Time to Move beyond Omnichannel: Three Focus Areas

Achieving an omnichannel customer experience has been a main business challenge for the retail supply chain for many years.

Peter Zaballos
Peter Zaballos

Achieving an omnichannel customer experience has been the dominant business challenge for the retail supply chain for many years now. Until recently, progress has been slow, but according to the fifth annual retail industry benchmark report issued by SPS Commerce, respondents report 200 percent year-over-year growth in the success of their omnichannel initiatives, which shows retailers are finally making change happen.

Conducted by Retail Systems Research, the Retail Insights: Moving Beyond Omnichannel survey is based on responses from 500 retailers, suppliers, distributors and logistics firms worldwide. It highlights the continuing evolution of omnichannel retailing, which started as a standalone initiative and is now the foundation for broader business strategies focused on meeting consumers’ changing shopping expectations.

Consumers Demand Speed

More than 75 percent of respondents cited consumer demands as the top factor expected to shape their business over the next five years. As always, these demands center on price and product availability, but shipping is becoming an increasingly important factor. This is without a doubt the result of the Amazon effect and other online-only retailers. Thanks to them, consumers now expect free shipping … and fast.

This in and of itself is nothing new. For the past two years, retailers taking part in the survey have reported the need for speed both in terms of how quickly orders are shipped, as well as how quickly they arrive in consumers’ hands.

What is new this year is a decreased emphasis on product availability in stores, which at this point in the game, is table stakes. Because retailers are moving forward on cross-channel fulfillment, their sales no longer solely depend on their ability to stock store shelves. Instead, the Holy Grail is now rapid order fulfillment, with consumers in the driver’s seat.

And while consumers used to do nearly all of their shopping in company-branded stores, channel conflict is becoming a way of life, with both suppliers and distributors operating their own direct-to-consumer channels. For instance, 60 percent of supplier respondents and 58 percent of distributor respondents operate company-branded e-commerce sites, while 60 percent of supplier respondents and 44 percent of distributor respondents participate in third-party marketplaces.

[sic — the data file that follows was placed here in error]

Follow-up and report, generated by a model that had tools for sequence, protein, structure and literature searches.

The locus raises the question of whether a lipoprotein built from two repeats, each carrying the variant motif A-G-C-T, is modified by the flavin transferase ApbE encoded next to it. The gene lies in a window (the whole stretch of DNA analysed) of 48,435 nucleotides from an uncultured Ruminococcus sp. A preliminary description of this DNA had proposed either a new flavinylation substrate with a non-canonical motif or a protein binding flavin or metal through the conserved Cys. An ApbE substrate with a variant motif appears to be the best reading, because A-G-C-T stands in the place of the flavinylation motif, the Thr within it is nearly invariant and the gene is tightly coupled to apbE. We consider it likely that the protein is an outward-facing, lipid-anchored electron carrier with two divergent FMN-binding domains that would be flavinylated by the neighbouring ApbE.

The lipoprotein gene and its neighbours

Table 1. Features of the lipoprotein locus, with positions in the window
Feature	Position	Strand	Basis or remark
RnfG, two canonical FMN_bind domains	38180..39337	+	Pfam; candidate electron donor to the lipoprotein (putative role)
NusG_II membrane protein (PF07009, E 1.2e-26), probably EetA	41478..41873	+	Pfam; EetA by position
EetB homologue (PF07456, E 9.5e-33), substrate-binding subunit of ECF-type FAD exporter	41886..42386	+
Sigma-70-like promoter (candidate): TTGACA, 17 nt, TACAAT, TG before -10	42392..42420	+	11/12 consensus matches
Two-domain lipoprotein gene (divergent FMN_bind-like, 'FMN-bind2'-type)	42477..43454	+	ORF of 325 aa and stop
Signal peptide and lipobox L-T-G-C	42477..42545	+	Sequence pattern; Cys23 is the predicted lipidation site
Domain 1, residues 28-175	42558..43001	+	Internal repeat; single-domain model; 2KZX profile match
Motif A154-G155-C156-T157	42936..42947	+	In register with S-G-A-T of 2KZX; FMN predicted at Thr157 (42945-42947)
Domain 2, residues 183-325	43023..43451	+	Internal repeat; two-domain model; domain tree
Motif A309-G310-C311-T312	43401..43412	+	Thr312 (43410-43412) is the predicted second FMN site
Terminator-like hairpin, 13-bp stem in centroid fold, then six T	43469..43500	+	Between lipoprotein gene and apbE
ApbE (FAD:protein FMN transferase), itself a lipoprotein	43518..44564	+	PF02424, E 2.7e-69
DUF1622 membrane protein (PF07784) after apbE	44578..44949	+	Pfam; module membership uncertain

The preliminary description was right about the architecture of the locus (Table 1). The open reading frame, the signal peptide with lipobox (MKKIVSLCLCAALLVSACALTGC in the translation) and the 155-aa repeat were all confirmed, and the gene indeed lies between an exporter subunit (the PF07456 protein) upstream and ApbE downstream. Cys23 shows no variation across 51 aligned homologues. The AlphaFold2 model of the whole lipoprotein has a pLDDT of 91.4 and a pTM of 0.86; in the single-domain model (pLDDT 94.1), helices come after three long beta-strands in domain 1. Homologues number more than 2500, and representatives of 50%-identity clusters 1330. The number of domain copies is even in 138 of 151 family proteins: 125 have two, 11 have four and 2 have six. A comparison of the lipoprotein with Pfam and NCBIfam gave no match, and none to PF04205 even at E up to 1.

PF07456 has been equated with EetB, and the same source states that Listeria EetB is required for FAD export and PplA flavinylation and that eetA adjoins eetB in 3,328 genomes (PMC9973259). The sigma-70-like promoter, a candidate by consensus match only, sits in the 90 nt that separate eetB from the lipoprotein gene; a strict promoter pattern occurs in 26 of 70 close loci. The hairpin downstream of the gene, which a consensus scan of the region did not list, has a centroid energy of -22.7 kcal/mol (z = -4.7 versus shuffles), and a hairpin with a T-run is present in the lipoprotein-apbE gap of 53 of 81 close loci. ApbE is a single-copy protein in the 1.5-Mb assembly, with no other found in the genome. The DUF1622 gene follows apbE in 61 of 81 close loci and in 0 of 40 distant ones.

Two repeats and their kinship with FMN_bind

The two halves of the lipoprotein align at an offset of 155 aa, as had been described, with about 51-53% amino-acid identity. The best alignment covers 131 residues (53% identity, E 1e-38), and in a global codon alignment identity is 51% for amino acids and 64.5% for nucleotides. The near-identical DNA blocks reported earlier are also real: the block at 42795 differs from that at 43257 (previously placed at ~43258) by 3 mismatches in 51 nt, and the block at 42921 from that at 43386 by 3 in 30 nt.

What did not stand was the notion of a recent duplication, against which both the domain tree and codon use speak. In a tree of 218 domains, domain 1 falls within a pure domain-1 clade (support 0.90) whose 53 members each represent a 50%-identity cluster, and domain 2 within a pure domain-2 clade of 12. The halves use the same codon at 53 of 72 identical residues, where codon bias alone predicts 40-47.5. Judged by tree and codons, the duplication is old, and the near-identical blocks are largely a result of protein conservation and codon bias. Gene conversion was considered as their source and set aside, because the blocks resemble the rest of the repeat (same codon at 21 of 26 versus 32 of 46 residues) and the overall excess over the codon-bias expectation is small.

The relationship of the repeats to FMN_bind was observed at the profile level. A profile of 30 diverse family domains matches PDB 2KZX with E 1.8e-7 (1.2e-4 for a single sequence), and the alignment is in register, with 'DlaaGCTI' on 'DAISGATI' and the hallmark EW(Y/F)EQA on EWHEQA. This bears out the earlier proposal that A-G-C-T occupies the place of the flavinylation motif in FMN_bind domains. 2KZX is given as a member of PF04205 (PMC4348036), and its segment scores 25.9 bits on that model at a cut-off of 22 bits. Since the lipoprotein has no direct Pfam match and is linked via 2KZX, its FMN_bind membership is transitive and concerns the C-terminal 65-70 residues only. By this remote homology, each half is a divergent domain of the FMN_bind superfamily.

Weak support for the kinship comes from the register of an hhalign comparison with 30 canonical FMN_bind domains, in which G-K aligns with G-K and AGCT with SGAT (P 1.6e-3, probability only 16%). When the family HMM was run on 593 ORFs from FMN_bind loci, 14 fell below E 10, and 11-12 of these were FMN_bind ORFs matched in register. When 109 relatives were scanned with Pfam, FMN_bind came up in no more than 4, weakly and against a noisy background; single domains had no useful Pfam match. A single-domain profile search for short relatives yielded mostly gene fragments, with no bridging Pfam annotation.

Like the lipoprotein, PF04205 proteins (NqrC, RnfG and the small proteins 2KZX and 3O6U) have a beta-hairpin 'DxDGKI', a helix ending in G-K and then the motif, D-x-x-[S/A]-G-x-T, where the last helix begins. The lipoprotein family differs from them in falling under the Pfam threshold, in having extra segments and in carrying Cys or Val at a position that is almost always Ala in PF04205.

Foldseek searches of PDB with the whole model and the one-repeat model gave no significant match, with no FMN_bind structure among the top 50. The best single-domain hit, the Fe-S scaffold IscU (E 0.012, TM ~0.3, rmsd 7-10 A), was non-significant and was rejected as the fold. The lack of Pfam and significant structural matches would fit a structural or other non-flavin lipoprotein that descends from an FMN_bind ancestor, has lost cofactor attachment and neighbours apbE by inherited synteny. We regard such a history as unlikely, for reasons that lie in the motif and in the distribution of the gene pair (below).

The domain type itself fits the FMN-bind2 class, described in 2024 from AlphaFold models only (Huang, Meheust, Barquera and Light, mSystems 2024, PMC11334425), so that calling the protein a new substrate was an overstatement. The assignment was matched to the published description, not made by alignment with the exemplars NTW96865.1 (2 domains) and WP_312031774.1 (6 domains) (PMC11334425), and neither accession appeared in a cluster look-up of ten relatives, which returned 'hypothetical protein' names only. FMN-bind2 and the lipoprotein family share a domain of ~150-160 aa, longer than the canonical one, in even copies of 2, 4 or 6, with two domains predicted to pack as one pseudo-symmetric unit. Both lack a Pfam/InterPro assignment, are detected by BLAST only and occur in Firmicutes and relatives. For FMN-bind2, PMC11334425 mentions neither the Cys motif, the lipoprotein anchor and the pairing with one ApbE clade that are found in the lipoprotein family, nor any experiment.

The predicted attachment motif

Collaboration: It Really Is All About the Data

Despite channel conflict, and misalignment between suppliers and retailers around the priority of retail stores, both parties have mutual goals around sharing item attributes, accessing inventory data and analyzing sell-through data, all of which are critical to moving beyond omnichannel.

And with 43 percent of respondents expecting item attributes to increase in 2017 and 55 percent expecting to expand their assortments, the companies that can set aside other differences to focus on areas of alignment are likely to realize even more opportunities for collaboration going forward.

The Future Is Calling

Survey respondents report moderately optimistic future growth expectations, but that optimism is tempered by respondents reporting a lack of urgency around several important initiatives, including improving inventory planning and forecasting—both critical to ensuring omnichannel success.

Yet moving beyond omnichannel requires greater orchestration from all supply chain players, each of which I believe can better play their part—and thus improve the whole—by focusing on a specific goal.

The report highlights the three following areas that need focus in 2017:

1. Suppliers

Pay attention to retail stores. When retailers fold, such as Sports Authority did in 2015, major suppliers take a hit. The health of the retail market will become increasingly important to manufacturers as they invest more in e-commerce than in stores of their own. It is in the best interest of manufacturers to offer more support to their retail partners even as they continue to strengthen their own direct-to-consumer sales. There’s a reason why the retail channel exists in the first place—because you can’t do it all yourselves.

2. Distributors

Add services. With retailers ramping up drop shipping and suppliers selling direct to consumers, distributors could find themselves squeezed in the middle. Yet there are opportunities for distributors to grow. One way is by helping retailers access larger assortments and get their goods to consumers faster. Another way is by helping manufacturers achieve their goal of selling direct to consumers.

3. Logistics Service Providers

Breed speed. Consumers are making their expectation for speed very clear to retailers (and as a result, their suppliers). Retailers report that it is less important to have the product in hand than it is to be able to get it to customers quickly. This subtle shift means a whole new world for stores, supply chain and logistics.

Because omnichannel retailing is now part of the mainstream, the ecosystem will continue to feel its impact and retailers that haven’t yet embraced the need for change will quickly be left behind.